‘Tis the season of annual lists
and more lists
(and even more lists
). As the years go by, I appreciate certain things about these lists, like the fact that no matter how plugged in we are to the cookbook world, something interesting sneaks by us. But what’s really been happening is I now realize that these lists are not so meaningful, not because they are ‘wrong’, but because what’s ‘right’ about them is not right for everyone. Open any one of these things up for discussion, and it becomes clear that there is little consensus on how people use cookbooks, what people expect from cookbooks and even what some of the basic terms mean. A recent request by Russ Parsons for input on just such a list
was a good example of this.
So this year, we’re just offering a short list of a few books we like our selves. These books work for the way we like to eat and cook. They encourage and inspire us, and are a pleasure to spend time with. we carry these books in our shop, but not on our website, as there are plenty of options for buying new books online.
Two of my favorite new British books are by authors I always look forward to reading: Simon Hopkinson and Nigel Slater. Slater’s original, The Kitchen Diaries, is one of my most used cookbooks because it’s a perfect match for the way I cook; it mirrors the rhythms of the seasons and of the meals through the week. Kitchen Diaries II (or as it’s known in the States, Notes from the Larder) lets me continue into a new year. Simon Hopkinson’s dishes always seem like old favorites, and with a bit of extra care I can elevate my cooking to something more special. The recipes in Simon Hopkinson Cooks are a bit simpler than in my favorite, Week In, Week Out, but I still approach every one of his recipes with relish.
Tim Hayward, editor of the wonderful periodical (now annual) Fire & Knives, gave us Food DIY, a how-to guide to all of the food creation that happens outside of kitchen meal prep: smoking, terrines, confits, preserving, clam bakes, spit roasting, and sloe gin among other things. It’s kind of a guy thing, and lots of fun.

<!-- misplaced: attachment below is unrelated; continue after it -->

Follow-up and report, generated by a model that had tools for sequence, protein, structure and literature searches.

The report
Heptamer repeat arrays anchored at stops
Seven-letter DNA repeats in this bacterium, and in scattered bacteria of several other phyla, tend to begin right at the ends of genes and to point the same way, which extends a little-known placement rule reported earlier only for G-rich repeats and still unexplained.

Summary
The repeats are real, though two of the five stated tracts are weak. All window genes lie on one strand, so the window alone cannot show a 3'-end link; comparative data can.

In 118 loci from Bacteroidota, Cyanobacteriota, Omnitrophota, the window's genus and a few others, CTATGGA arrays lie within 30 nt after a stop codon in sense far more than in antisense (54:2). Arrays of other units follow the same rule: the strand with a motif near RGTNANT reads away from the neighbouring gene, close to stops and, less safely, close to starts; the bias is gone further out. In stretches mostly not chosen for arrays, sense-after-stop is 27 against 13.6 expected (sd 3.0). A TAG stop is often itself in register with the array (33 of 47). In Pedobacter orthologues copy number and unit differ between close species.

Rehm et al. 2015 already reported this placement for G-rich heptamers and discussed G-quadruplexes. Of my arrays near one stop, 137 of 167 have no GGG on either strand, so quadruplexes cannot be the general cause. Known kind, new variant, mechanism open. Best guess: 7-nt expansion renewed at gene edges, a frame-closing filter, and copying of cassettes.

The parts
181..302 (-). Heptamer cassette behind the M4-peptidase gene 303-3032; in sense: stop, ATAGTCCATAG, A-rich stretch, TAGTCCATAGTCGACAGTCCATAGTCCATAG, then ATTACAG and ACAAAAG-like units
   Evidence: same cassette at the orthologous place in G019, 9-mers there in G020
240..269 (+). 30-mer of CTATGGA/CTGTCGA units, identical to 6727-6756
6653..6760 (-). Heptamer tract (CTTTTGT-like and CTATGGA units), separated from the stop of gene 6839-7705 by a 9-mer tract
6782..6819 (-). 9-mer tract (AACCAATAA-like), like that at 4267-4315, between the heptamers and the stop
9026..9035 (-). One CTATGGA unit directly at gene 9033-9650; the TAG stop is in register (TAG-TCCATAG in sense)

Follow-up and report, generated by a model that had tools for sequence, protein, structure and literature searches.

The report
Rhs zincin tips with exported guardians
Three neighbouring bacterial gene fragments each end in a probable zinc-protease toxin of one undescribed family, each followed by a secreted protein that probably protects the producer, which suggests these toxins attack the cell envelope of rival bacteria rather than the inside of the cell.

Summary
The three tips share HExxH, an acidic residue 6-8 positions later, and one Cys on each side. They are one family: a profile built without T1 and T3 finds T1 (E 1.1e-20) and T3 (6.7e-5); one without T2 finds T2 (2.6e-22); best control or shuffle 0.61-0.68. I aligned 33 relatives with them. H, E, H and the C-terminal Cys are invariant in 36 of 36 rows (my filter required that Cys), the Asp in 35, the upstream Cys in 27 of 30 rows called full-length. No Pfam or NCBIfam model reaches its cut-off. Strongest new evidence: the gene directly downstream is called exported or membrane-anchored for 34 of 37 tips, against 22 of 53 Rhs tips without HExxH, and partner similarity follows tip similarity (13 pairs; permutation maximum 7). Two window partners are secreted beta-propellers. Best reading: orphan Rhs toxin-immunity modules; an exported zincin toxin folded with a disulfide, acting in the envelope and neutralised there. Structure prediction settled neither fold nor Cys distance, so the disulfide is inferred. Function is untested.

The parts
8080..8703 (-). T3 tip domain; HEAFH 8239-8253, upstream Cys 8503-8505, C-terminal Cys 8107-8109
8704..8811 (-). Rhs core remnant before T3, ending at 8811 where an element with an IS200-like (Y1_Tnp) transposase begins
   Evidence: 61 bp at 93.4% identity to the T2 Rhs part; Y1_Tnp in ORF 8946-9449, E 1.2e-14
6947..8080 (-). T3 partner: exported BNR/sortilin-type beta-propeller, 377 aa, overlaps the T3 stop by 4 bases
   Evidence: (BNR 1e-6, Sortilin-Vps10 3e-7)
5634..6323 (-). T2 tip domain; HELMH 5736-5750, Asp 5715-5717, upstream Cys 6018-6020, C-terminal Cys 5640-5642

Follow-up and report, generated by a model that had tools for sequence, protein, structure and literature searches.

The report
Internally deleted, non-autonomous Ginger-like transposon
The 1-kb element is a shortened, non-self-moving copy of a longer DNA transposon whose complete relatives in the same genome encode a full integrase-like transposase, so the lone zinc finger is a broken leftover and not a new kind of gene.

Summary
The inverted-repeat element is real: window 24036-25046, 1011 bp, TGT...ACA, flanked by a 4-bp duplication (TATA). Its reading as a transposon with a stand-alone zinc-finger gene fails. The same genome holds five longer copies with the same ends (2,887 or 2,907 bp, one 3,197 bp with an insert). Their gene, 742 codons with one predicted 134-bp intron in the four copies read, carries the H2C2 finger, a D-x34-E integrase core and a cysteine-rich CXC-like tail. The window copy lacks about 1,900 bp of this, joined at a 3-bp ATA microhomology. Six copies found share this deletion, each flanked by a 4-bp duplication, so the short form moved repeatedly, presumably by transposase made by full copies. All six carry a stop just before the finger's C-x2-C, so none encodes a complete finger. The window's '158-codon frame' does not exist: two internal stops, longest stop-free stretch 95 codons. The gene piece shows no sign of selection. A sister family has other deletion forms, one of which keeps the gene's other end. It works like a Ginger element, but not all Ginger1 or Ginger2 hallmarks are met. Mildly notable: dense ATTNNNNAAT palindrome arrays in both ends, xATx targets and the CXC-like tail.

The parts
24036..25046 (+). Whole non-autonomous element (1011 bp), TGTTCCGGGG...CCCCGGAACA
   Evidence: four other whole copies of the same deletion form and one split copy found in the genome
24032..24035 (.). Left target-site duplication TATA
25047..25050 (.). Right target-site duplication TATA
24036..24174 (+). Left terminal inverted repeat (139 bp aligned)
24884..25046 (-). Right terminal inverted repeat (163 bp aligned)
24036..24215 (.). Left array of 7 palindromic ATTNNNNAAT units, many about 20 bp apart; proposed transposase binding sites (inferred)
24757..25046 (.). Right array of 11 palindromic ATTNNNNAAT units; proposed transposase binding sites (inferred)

I always seem to be cooking for eight, even when I’m cooking for two, but Joe Yonan’s Eat Your Vegetables: Bold Recipes for the Single Cook is terrific. Lots of simple recipes that yield big flavor through interesting, and now-to-me indispensable, combinations. Pasta with Squash and Miso, Guac-a-chi (avocados and kimchi), and Spicy Kale Salad with Miso-Mushroom omelet are all easy and delicious. And we have signed copies available.
Gabriel Rucker et al’s Le Pigeon: Cooking at the Dirty Bird was instantly attractive, as I love cooking birds, and there are lots of tasty bird recipes to be had, including Chicken Fried Quail, Duck Nuggets, and Maple-Laquered Squab. But there’s also a lot more, including good rabbit recipes, the now famous Jacked Pork Chops, and other food you want to eat while standing around a flaming barrel clutching a tumbler of bourbon.
There are more big chef books this year than any year since 2008, which makes me nervous for the economy. I had limited time with all of them, as many are very new releases and take real work to tease out any understanding, but I’m thrilled to see Heston Blumenthal’s Historic Heston, a companion of sorts to his thoroughly modern masterwork, The Fat Duck Cookbook. In Historic Heston, the chef takes us on a 500-year chronological tour of great British dishes, which he has deconstructed and reassembled with the precision you’d expect. As an antiquarian, and a serious home cook, I look forward to spending some real time with this book. On the tables in the shop, we also have Rene Redzepi’s Work in Progress, Daniel Patterson’s Coi, Alex Atala’s D.O.M., David Kinch’s Manresa and others.
I’m a big fan of Ole Mouritsen’s Seaweeds: Edible, Available and Sustainable. It’s a masterpiece of single subject food writing. Part natural science book, part recipe collection, and part guidebook for potential food applications, Seaweeds remains readable and enjoyable even if seaweed is not a favorite ingredient. This book doesn’t just satisfy curiosity about its subject, it creates curiosity.
The one book this year that truly makes me happy to be a cookbook seller is Ed Behr’s 50 Foods. I’ve always marveled at the level of knowledge food shoppers in parts of Europe can exhibit. They really know what to look for, ask for, demand from the market sellers and grocers. Very few Americans have that sort of specific information about the uses of various ingredients, and what to look for when shopping for them. Ed Behr knows this well. In 50 Foods, he takes us on a tour of fifty foods that we need to understand if we want to cook and eat better. the writing is knowledgable, the tone is never preachy, and even the hard core food fan will come away with a better understanding of what makes great food.
There are others I’m excited about but have not yet spent enough time with, so let’s just say I look forward to cooking from Susan Goin’s A.O.C., and David Tani’s One Good Dish, among others.